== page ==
Tue, Nov 13, 2007 - Page 5 News List

FEATURE: `Ragpickers' want homes and healthcare, not boots

AFP , NEW DELHI

A man searches through garbage for scrap at a landfill site in New Delhi on Sunday.

PHOTO: AFP

Under a thick blanket of smoke, Shahbuddin Khan sifts through a giant pile of garbage to pick out pieces of glass, metal and plastic that he sells to bring in around US$2 a day.

The 18-year-old is among hundreds of people who earn a living from New Delhi's largest landfill, where some 3,000 tonnes of the city's waste ends up.

"This is filthy work. Sometimes we get hurt when there are syringes among hospital waste," Khan said as hundreds of crows, vultures and dogs hovered around the overflowing landfill in the Ghazipur area of New Dehli.

Khan is among the city's estimated 300,000 waste collectors -- known here as ragpickers -- who rummage through the city's garbage to pick up metal and plastic which they sell on to recycling units.

This month, the authorities said they would offer waste management training for the ragpickers.

"Their work is hazardous for their health and so we need to look after their health, we need to see that they get proper wages," said New Delhi's chief minister, Sheila Dikshit.

The government also distributed protective gloves, masks and boots to more than 4,000 wastepickers. But a majority of people were left out of the program, including Khan.

"Yes, we saw it on TV, but who will listen to us if we complain? What choice do we have," he said.

With 14 million residents and expanding rapidly, the city generates some 8,000 tonnes of waste daily. That figure is estimated to grow to 15,000 tonnes by 2015.

About 15 percent of the garbage is picked up by waste collectors and recycled, while the rest goes to the three landfills.

"By separating waste, the ragpickers save the government at least 600,000 rupees (US$15,000) daily apart from protecting the environment by recycling trash," said Anand Mishra, program officer with the advocacy group Chintan (Hindi for "thinking"). "And the government has only boots to give them."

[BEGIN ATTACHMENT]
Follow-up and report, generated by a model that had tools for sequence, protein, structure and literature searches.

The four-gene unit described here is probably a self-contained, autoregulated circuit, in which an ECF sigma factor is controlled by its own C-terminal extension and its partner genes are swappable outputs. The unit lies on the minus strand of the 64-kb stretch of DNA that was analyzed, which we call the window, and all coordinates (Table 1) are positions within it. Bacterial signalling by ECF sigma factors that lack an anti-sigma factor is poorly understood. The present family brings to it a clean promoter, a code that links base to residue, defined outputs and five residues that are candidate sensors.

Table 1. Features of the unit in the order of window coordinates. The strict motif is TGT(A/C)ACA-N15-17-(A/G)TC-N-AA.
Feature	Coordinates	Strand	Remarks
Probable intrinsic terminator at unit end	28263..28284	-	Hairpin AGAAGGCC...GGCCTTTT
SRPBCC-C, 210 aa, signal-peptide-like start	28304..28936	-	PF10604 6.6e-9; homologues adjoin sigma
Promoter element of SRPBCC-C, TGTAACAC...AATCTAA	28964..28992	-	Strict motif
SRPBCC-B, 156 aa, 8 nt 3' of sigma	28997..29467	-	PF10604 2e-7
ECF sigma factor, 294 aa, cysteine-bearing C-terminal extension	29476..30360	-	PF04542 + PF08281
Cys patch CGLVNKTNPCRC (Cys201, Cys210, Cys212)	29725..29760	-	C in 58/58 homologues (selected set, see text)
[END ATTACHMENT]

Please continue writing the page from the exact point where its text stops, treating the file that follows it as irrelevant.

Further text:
Poor and marginalized, waste collectors said their more pressing needs were housing, education and healthcare, not protective gear.

"It is too hot here to wear plastic boots and gloves," said Lattan Khan, who picks garbage with his wife.

"We want the government to give us land to build houses," he said outside his shanty home.

"We carry food from home and have it here atop the garbage as we have no time to waste," he said as he loaded a gunny sack on his back.

Khan said he had moved near the landfill from a slum that the government demolished three years ago.

"Anywhere else we go, the police harass us a lot," he said.

The Ghazipur landfill was dug in the mid-1980s and is scheduled to be closed, but a delay by authorities in finding an alternative has resulted in a mountain of garbage.

The landfill supports more than 100 families who depend on the garbage for their livelihood.

Most waste collectors pay five rupees (US$0.10) daily to the guard to be allowed to pick garbage amid roars from bulldozers leveling the mountains of waste and smoke from accidental fires.

Entry to the landfill is banned for outsiders as it is government property.

"Working at a landfill is one of the most horrible jobs to do. There is no shade, no access to drinking water," said Abhay Ranjan, assistant coordinator with Chinatan.

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